tumbling out of my mouth like garbled adulations compelled by the Holy Spirit
and when it happens, I don’t care.
I don’t care. I don’t care.
It’s just when I go home that I realize I have nothing else on my mind
I have nothing in common with anyone outside of my house anymore
I am nothing anymore without these people who have remade me
I don’t know who I’d be without them anymore
I don’t want to know. I don’t want to know.
I noticed them as soon as I got in our favorite gyros restaurant a mile away to order our take-out dinners. There were about a dozen of them, plastered to the ceiling with that sad look of captivity in their swollen eyes, that longing for freedom. I ignored them as I ordered our take out and had to wait for it. But again I was drawn to them. Who did they exactly belong to? There appeared to be a kids’ birthday party going on near the entrance. Several of them were tied to children’s wrists, but others clung to the ceiling in desperation. So I concluded they were no one’s. I got our dinners and placed the large brown bag in my left arm so my right arm was free.
When I passed by where the kids were I reached up and grabbed a blue balloon as I walked out to the car. It reacted strangely when I started driving, placing itself directly behind me and blocking whatever I might see in my rear-view mirror. So I opened the windows and the moon roof to make it move.
That was my mistake.
Now it really got erratic, bouncing all over the place, from side to side, from front to rear. But what really got its attention was the moon roof, probably because its immediate inclination is up, where the helium points it. My blue balloon found the moon roof and headed for the skies. I should have known. I peeked in the rear-view mirror and watched it go up up up and disappear in the ionosphere or troposphere or whatever you call it way high up. That is where it longed to go. It really didn’t belong to me. It didn’t belong to any of those kids either. Balloons are funny. Even if there are a bunch of them together, in what is called a school or a bloat or a knot, they keep to themselves. They shun company and yearn for freedom. And the sad part is that once they get a taste of it they keep going up and up till the internal pressure of the helium blows their brains out. And they expect you to just stay put and watch. They want something really bad, but the thing they want is no good. It kills them. When it isn’t a balloon, it’s a washing machine or another person, or the whole stinking world that lets you down.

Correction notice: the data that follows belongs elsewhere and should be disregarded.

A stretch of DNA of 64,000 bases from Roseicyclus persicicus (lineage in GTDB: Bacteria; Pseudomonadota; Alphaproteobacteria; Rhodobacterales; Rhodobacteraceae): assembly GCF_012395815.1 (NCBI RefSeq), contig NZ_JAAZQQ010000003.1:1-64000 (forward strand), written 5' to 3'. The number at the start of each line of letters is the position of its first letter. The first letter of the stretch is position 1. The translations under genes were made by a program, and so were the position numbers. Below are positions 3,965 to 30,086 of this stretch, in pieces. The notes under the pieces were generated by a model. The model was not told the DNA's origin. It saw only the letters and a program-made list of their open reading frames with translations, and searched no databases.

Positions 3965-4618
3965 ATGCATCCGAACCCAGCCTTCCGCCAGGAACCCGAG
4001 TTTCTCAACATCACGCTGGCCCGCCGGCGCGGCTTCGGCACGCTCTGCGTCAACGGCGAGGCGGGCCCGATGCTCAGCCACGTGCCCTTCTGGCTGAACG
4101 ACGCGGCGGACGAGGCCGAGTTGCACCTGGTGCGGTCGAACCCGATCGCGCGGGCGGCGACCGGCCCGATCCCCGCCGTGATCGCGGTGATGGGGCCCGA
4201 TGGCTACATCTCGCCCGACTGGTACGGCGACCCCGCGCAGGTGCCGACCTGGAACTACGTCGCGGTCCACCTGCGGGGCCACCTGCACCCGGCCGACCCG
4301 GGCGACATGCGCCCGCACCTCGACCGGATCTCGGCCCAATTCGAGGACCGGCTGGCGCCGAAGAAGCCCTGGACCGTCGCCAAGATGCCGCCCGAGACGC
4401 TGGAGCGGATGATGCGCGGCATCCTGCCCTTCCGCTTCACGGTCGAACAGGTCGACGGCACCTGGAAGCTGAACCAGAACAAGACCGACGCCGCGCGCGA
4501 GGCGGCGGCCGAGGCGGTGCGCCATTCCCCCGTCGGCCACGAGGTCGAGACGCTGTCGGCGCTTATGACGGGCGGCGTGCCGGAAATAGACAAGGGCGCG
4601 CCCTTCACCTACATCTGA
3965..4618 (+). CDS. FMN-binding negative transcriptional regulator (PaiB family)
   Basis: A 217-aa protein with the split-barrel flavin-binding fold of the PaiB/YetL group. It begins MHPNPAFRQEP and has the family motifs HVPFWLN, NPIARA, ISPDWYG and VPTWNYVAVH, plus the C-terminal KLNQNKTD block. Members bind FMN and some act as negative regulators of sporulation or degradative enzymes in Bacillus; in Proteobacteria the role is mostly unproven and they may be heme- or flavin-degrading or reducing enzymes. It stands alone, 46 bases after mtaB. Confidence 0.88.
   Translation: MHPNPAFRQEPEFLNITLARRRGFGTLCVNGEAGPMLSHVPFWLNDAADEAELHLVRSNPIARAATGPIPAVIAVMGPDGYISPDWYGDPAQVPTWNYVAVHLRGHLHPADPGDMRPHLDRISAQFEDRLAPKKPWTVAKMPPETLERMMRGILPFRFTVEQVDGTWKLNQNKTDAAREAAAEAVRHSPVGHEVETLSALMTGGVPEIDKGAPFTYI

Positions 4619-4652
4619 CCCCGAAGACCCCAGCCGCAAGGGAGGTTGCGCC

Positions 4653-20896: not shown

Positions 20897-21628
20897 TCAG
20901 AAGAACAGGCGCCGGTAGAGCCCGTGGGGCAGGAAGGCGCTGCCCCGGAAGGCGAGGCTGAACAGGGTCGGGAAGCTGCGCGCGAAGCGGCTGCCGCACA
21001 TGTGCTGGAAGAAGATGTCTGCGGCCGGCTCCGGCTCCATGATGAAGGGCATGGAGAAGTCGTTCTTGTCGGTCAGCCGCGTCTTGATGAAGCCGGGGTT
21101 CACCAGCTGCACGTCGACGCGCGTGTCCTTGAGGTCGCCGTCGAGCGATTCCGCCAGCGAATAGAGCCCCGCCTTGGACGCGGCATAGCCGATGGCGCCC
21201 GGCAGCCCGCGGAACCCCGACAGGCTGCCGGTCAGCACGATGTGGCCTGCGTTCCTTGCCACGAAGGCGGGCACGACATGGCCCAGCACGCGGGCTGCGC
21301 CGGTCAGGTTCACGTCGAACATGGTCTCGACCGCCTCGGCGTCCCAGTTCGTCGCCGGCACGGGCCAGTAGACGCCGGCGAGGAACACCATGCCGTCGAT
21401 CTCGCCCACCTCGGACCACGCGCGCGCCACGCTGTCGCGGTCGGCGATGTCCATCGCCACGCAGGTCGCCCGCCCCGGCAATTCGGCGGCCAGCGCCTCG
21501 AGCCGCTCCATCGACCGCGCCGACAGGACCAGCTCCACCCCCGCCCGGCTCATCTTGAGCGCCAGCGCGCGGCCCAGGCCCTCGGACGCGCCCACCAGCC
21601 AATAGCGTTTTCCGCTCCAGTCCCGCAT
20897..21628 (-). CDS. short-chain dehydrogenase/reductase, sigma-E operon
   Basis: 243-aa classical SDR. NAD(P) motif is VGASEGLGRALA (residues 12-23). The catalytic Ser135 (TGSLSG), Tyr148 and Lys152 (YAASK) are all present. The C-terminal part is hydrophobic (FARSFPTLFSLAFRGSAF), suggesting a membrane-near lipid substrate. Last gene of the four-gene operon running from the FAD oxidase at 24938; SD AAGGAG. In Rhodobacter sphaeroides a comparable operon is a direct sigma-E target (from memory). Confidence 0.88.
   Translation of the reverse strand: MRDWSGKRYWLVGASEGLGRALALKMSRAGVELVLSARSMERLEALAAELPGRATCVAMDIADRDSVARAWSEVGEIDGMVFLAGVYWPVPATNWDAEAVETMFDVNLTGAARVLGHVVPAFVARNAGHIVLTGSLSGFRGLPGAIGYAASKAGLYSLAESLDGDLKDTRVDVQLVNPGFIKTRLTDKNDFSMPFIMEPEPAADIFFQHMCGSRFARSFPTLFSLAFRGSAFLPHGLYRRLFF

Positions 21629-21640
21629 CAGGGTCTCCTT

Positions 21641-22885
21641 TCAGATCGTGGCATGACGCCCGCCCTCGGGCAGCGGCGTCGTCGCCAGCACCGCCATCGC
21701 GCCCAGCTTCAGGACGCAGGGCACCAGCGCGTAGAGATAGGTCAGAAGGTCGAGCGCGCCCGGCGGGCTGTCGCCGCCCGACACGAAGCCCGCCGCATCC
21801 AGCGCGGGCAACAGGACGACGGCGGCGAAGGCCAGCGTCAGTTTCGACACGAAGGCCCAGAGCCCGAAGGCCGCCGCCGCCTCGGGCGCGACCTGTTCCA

Never let on it bugs you. That’s the thing.
At least I had our gyros dinners. Nobody can take that from me. I paid for them. And they were really good. As I got home I parked and squinted down Main Street towards the restaurant I just left. I wasn’t bitter. The balloon was never really mine.
Still, I stared at the sky.
“You had it coming,” I finally said, without rancor, as we sat down to dinner.
Amanda was reading on the couch, sipping her wine, when a rustle caught her attention. She looked up from her book to see her one-and-a-half-year-old, Zach, standing at the bottom of the stairs.
“Hi, Zach-y,” she said, as happily as she could muster.
Zach looked her dead in the eye, and said, “Amanda.”
That caused her to stop. She had never heard her son refer to her by her real name — it was always Mommy, or Mama. She put the book down. “Are you okay, Zach? Did you have a nightmare?”
He toddled closer, and pointed a finger at her. “Amanda.”
The repetition actually sent a shiver down her spine. “Zach? What’s wrong?” She wondered whether this was an early sign of mental illness. What toddler referred to their mother by her real name? It almost wasn’t human.
“Amanda, Amanda,” he insisted, pointing. He ran up to the couch and climbed up on her lap. She embraced him, trying not to let her son see her primal fear, as she wondered what she had given birth to.
“Amanda,” her son said again, shaking her sleeve to get her attention. Again, he pointed: not at her, but over her shoulder. She turned around.
Oh, Amanda thought, just before the knife plunged in. A man there.
My dad has not been taking the divorce well.
I mean, I get it, he’s upset that my mom and him had a falling out. But that doesn’t justify him following us when we moved into a new neighborhood.
The new community was supposed to be “a fresh start,” according to Mom. But it’s pretty hard to start over when your dad has his car parked across the street from you all the time. Seriously. All. The. Time.
I’m pretty sure he sleeps in the car. And one time, when we went to the block party, I swear he was recording our interactions with the neighbors. Like, I love the guy and all, but he needs to get a hobby. Start over, like Mom and I have.
He’s tried to talk to me when Mom isn’t around. Wants me to come with him, which I always say no to. Why would I go with someone who’s basically my stalker? He’s also like, weirdly insistent that I stop going to church. How random is that?
I don’t care if we are blood related, because at the end of the day, the community is more important than any family member. When I ask her about Dad, Mom says that our problems don’t matter since we’ll all be Ascending soon anyway. I guess she’s right. Still, I can’t help but worry, and hope my dad will stop being paranoid over nothing.